Monday, July 10, 2017

Ron's Windows Photo Editing System - Intel NUC i7

Intel NUC Kit NUC6i7KYK Mini PC

On June 6, 2016 I picked up an Intel NUC Kit NUC6i7KYK Mini PC as my primary computer (RAM and storage sold separately). In the past year that I've used it for my Photoshop, Lightroom and Camtasia 9 video editing system, I haven't had a single regret.

Here's some of the highlights from the system:

At the time I ordered this setup it was $1092.98, but the RAM was only $103.99 so as of July 9, 2017 this setup cost about $1117 USD. Now it's VERY important to note that not just any DDR4 RAM will work in this system, you must have 1.2 or 1.35v DDR 2133 SODDIMS or it WILL NOT WORK. Since this RAM type is less common, the prices will fluctuate based on availability.

Dual Displays - No Problem

NUC shown in red on my current desktop setup
Click for a full size view

For my left and primary photo editing monitor, I use a 32" 3840x2160 4K UHD native resolution (NEC PA322UHD) display in landscape orientation as shown in the middle above and a NEC PA241W in portrait orientation as shown on the right. The big gray box on the right is my GTI light box for viewing/comparing prints against my calibrated displays.

Notice how tiny the NUC is - it's about as thick as two of my Wacom Intuos Pro Pen and Touch Tablet, Medium (PTH651) (review) stacked on top of each other. It's barely wider than three of my NEC SpectraSensor Pro calibration puck. Simply put, this thing isn't a problem when it comes to space, and if it is then you can mount it to your display to get it out of the way.

Here's more info on my main display:

NEC PA322UHD-BK-SV 32" 4K Display
NEC PA322UHD-BK-SV 32" 4k Display at Amazon and at B&H (review)


Here's unedited iPhone video of me turning on my Intel NUC Kit NUC6i7KYK Mini PC with fast boot enabled and legacy boot turned off after 1 year of use with no disk degrag and 126 GB free disk space (40 seconds):

Here's unedited iPhone video of me restarting my Intel NUC Kit NUC6i7KYK Mini PC with fast boot enabled and legacy boot turned off after 1 year of use with no disk degrag and 126 GB free disk space (18 seconds):

What about Photoshop?

Here's a video I did that shows how fast Photoshop and some image files (including one that's over 700 MB) took to open:

NOTE: Please excuse my error in the video - I meant to say 10 bits per color channel, not 8. Read here to see why 30-bit (10-bit per channel) is a big deal.

I've been using this set up for over a year and edited countless files, and I've never found performance to be a problem. Because my work includes reviewing cameras, I've used the Nikon D800, D810, Sony a7Ra7R II, Canon 5Ds and 5DsR and their large files haven't been a problem for me either.

Lightroom performs well too, but for confidentiality reasons I am not able to provide a good demo. What I can say is that my catalogs are created for each calendar year and contain 35,00 - 45,000 images all living on my external NAS, and I've never been bothered by the performance.

A note about Photoshop performance & Plug-ins

90% of your boot time for Photoshop is loading your plug-ins. For the record, I load A LOT of plug-ins so if your list is smaller than this then your boot time will be faster:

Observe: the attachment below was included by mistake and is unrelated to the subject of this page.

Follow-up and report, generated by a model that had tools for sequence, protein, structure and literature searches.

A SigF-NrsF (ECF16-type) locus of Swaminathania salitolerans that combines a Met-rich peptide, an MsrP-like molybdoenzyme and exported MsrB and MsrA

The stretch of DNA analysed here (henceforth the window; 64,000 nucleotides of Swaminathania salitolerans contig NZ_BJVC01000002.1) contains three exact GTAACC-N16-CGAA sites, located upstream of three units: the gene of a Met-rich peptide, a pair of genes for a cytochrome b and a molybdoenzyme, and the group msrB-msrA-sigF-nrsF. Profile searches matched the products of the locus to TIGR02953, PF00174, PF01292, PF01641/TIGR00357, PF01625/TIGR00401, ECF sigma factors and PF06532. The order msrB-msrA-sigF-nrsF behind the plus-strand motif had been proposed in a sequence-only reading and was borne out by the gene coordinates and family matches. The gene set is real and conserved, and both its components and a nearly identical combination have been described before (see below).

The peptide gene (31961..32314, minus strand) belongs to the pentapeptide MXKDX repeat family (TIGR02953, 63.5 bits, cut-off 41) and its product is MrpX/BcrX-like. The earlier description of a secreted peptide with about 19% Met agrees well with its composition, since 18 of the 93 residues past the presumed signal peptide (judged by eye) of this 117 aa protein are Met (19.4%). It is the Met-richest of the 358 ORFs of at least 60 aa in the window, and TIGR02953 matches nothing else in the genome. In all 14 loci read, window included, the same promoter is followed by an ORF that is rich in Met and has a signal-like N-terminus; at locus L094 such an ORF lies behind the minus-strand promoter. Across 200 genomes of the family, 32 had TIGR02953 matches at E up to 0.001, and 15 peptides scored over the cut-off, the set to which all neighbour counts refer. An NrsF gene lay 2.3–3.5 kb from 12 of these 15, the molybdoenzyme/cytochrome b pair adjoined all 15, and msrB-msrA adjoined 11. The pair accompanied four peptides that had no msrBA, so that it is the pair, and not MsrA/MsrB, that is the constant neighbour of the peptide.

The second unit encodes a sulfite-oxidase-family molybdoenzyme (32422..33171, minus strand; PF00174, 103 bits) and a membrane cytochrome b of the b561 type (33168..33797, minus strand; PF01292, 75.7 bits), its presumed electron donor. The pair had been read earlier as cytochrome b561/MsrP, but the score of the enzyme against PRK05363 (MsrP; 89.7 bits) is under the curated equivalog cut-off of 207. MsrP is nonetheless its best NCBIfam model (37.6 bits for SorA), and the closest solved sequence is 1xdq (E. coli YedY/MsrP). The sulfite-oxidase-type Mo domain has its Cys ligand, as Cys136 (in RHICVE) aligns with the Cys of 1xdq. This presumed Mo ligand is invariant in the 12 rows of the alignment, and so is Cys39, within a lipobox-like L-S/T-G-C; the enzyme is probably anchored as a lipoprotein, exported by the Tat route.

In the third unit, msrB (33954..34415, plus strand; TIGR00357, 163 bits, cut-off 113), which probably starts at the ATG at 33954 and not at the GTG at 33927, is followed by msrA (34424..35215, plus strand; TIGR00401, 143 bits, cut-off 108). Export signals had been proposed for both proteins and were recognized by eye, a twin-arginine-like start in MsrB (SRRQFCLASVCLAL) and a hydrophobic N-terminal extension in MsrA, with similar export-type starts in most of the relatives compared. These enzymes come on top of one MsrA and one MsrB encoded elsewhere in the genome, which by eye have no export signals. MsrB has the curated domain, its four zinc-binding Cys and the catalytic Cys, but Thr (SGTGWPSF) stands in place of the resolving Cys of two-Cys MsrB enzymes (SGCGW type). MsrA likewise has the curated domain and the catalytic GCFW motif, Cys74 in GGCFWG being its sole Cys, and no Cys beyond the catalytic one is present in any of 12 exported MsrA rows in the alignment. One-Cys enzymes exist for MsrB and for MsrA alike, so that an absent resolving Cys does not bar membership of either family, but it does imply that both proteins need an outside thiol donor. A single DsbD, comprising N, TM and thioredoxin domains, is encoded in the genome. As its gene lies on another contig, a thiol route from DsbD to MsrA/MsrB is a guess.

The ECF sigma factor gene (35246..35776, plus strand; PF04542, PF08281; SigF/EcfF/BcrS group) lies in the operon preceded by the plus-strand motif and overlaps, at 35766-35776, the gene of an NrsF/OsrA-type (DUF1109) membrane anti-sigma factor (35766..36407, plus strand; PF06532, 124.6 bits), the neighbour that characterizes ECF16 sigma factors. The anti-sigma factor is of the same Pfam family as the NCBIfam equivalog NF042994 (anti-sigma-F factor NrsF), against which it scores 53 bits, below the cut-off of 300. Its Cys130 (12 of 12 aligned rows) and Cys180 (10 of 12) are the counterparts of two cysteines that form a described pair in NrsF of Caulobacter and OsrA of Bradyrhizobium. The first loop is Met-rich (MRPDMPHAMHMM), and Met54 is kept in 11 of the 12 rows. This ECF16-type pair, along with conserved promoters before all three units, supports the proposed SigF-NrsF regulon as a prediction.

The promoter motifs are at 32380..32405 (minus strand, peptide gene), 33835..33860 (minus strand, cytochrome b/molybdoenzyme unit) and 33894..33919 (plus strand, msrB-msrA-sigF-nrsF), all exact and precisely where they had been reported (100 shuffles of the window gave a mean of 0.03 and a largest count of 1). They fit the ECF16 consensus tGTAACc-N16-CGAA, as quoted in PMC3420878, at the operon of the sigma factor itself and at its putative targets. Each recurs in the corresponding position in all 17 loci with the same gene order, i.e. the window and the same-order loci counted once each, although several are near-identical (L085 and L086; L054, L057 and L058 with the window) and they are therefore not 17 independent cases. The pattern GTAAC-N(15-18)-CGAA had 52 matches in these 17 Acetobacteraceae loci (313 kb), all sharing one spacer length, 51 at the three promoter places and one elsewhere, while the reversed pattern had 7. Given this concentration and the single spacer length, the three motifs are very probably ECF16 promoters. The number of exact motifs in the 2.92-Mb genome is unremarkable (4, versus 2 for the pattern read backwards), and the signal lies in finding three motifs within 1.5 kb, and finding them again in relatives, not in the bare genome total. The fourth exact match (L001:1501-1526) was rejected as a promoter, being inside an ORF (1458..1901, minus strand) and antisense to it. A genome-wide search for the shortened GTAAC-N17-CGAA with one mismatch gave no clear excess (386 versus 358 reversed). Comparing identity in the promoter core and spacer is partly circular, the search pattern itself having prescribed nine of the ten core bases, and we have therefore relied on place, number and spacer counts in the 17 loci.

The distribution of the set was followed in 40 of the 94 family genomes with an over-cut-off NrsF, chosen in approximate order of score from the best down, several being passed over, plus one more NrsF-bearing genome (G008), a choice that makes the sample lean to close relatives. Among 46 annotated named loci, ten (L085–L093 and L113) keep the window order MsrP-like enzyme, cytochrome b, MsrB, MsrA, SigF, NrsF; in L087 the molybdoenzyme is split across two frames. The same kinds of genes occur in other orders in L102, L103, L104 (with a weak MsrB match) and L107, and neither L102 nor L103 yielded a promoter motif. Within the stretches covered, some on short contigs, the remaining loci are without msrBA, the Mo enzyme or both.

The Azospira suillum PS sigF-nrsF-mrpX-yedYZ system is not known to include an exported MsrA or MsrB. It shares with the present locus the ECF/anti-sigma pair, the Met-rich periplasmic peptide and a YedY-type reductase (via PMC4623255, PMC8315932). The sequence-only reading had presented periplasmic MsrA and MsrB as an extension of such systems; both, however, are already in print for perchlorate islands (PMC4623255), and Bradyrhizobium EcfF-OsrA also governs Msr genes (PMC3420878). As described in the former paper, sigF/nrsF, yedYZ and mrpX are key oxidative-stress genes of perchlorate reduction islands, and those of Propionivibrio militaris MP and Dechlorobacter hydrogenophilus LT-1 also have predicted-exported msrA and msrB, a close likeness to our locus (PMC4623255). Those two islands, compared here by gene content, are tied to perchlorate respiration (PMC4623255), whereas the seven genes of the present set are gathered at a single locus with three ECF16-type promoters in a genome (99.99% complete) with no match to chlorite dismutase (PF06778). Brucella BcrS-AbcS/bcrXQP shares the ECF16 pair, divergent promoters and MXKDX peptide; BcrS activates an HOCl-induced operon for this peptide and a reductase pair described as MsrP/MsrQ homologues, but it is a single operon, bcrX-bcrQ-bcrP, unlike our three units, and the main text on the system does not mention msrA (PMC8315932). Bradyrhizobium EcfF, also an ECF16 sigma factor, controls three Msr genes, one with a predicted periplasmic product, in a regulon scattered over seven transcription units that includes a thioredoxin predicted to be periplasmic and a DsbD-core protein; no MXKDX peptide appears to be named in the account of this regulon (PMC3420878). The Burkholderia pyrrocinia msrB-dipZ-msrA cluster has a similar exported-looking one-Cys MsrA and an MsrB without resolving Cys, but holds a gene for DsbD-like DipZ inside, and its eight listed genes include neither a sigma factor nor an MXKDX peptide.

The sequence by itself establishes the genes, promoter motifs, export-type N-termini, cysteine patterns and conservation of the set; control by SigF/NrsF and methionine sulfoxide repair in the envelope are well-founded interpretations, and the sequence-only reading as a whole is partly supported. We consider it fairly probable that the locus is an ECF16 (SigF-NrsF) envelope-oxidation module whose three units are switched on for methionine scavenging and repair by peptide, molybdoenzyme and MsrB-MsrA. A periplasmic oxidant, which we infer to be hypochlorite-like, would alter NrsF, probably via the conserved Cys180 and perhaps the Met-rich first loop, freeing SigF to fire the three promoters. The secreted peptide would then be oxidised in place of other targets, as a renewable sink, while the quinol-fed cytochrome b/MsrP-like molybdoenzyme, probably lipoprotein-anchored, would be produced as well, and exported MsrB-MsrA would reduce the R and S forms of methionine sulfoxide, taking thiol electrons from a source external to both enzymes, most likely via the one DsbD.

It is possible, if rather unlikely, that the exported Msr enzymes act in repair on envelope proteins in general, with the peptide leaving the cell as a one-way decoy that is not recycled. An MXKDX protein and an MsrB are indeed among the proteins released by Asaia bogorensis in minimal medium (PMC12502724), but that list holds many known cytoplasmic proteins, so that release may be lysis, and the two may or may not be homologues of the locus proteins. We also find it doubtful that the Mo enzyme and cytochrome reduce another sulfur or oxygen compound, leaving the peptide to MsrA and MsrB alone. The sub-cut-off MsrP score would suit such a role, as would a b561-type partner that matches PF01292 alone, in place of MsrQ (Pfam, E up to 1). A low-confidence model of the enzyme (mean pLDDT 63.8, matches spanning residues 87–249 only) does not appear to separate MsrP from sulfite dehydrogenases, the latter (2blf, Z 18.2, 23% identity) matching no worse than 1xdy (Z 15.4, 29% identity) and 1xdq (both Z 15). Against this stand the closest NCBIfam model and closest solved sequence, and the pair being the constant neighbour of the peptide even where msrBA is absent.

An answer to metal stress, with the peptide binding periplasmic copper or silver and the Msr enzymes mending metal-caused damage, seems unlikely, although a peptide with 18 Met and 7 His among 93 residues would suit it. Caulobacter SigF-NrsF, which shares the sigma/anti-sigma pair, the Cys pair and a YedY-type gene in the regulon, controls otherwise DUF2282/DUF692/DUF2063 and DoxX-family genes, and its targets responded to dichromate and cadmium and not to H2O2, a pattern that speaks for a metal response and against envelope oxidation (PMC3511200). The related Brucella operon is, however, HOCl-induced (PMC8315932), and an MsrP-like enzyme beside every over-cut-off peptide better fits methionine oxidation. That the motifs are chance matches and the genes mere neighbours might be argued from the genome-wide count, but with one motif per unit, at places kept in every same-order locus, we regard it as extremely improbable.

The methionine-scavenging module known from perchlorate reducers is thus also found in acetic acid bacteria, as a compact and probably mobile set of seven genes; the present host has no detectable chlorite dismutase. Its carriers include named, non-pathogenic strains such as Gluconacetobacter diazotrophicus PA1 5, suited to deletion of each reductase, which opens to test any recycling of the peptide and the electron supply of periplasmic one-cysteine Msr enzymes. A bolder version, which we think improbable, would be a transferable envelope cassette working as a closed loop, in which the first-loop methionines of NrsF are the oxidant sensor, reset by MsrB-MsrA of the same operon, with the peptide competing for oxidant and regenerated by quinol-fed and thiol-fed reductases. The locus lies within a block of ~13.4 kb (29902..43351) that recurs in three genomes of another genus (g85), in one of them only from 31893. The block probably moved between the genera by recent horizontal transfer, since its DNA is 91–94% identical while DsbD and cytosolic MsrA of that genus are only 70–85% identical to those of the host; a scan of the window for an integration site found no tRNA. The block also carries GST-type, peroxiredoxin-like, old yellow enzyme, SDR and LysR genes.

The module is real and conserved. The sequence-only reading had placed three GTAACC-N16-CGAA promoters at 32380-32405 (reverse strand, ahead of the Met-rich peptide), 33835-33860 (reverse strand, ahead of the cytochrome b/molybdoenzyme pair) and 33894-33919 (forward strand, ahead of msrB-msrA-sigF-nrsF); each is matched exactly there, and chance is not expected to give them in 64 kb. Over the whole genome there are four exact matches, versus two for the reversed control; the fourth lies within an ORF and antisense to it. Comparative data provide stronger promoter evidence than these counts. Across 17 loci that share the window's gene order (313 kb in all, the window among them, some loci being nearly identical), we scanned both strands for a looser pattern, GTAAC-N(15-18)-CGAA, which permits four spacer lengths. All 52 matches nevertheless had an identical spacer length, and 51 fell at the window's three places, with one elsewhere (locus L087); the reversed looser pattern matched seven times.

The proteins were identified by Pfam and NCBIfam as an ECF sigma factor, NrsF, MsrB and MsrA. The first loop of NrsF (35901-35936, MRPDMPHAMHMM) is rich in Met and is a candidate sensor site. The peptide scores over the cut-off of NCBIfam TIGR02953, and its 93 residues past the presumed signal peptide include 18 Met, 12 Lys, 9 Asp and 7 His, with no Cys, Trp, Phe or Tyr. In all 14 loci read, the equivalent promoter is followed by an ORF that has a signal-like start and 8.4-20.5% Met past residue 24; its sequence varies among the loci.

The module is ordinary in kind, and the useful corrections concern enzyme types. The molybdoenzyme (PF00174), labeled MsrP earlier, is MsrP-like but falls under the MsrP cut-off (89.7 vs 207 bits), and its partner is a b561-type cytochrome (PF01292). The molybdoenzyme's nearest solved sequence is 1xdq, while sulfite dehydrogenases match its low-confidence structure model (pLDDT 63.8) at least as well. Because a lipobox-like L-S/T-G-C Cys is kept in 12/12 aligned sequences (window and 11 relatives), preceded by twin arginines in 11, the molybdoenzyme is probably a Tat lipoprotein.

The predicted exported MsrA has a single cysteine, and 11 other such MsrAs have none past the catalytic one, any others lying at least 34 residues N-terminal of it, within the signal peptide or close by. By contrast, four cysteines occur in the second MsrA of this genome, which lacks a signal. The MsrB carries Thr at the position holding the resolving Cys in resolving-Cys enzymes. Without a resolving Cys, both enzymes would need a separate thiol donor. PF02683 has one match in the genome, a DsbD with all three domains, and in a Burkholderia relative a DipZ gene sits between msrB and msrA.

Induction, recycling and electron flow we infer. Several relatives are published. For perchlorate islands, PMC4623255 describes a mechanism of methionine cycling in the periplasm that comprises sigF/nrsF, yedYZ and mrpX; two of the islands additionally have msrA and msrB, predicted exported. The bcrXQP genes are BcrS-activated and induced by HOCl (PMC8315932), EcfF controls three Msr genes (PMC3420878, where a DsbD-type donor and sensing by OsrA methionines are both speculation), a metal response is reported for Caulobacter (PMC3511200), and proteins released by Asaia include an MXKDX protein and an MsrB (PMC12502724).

Ron's Photoshop Plug-ins July 9, 2017

What about creating video?

I don't do much video so I can't comment a whole lot, but I can say that my typical 5 minute blog videos generally take about 10 minutes to render via WMV - much faster (around 2 minutes) if I'm only doing 1080p MP4. There are a lot of variables so your performance will vary. This machine can certainly handle video, but you'll want to be doing something else while it renders because it's not breakneck fast.

Is 512GB storage enough? Where do you keep your photos?

I use a Synology 1515+ with 16 terabytes of a usable space for my photo storage needs plus a ioSafe DS1515+ (review includes Synology details) for redundant data protection as mentioned in my Scott Kelby article

99.9% of my photos get loaded directly off and saved to the NAS as part of my workflow and that hasn't been a performance problem that has ever bothered me.

What about your laptop?

I use a Surface Pro 4 as my laptop, and I own a Mid 2015 i7 based Retina 15" Macbook Pro that I use for blog videos. I love them both, but I prefer the Surface Pro for the weight and Windows Hello for logging in. However, I don't do much photo editing on either, I use my NUC 99% of the time. That said, when I have edited photos on both of them I haven't had any issues, so I'd say I'm happy with both.


Yes, using a tower system with multiple SSD drives as I had done in the past is faster. However, I'm extremely happy with this much smaller, quieter, more reliable and cheaper system than ones I've purchased in the past from Alienware, Dell, Gateway, and more.

Drivers have been reliable and updates are issued more often than I need or want them, but that's a good thing. I haven't updated in months and my system has been rock solid (no blue screens or any problems whatsoever).

Windows 10 can be a little sluggish in Explorer sometimes for reasons I can't fully understand, but Devices & Printers and the Settings control panel always open instantly on the builds I'm using. Office and Outlook run extremely well too (and I have all mail dating back to 2009 loaded locally).

Geek Stuff

All of the NUC's feature the Visual BIOS which is the most beautiful BIOS I've ever used in my 30 year high tech career, and Intel has been awesome about making updates easy with the driver update utility shown:

Intel Driver Update Utility

Where to Buy?

CLICK HERE to learn more or buy today. Intel has also has a great NUC website here, and

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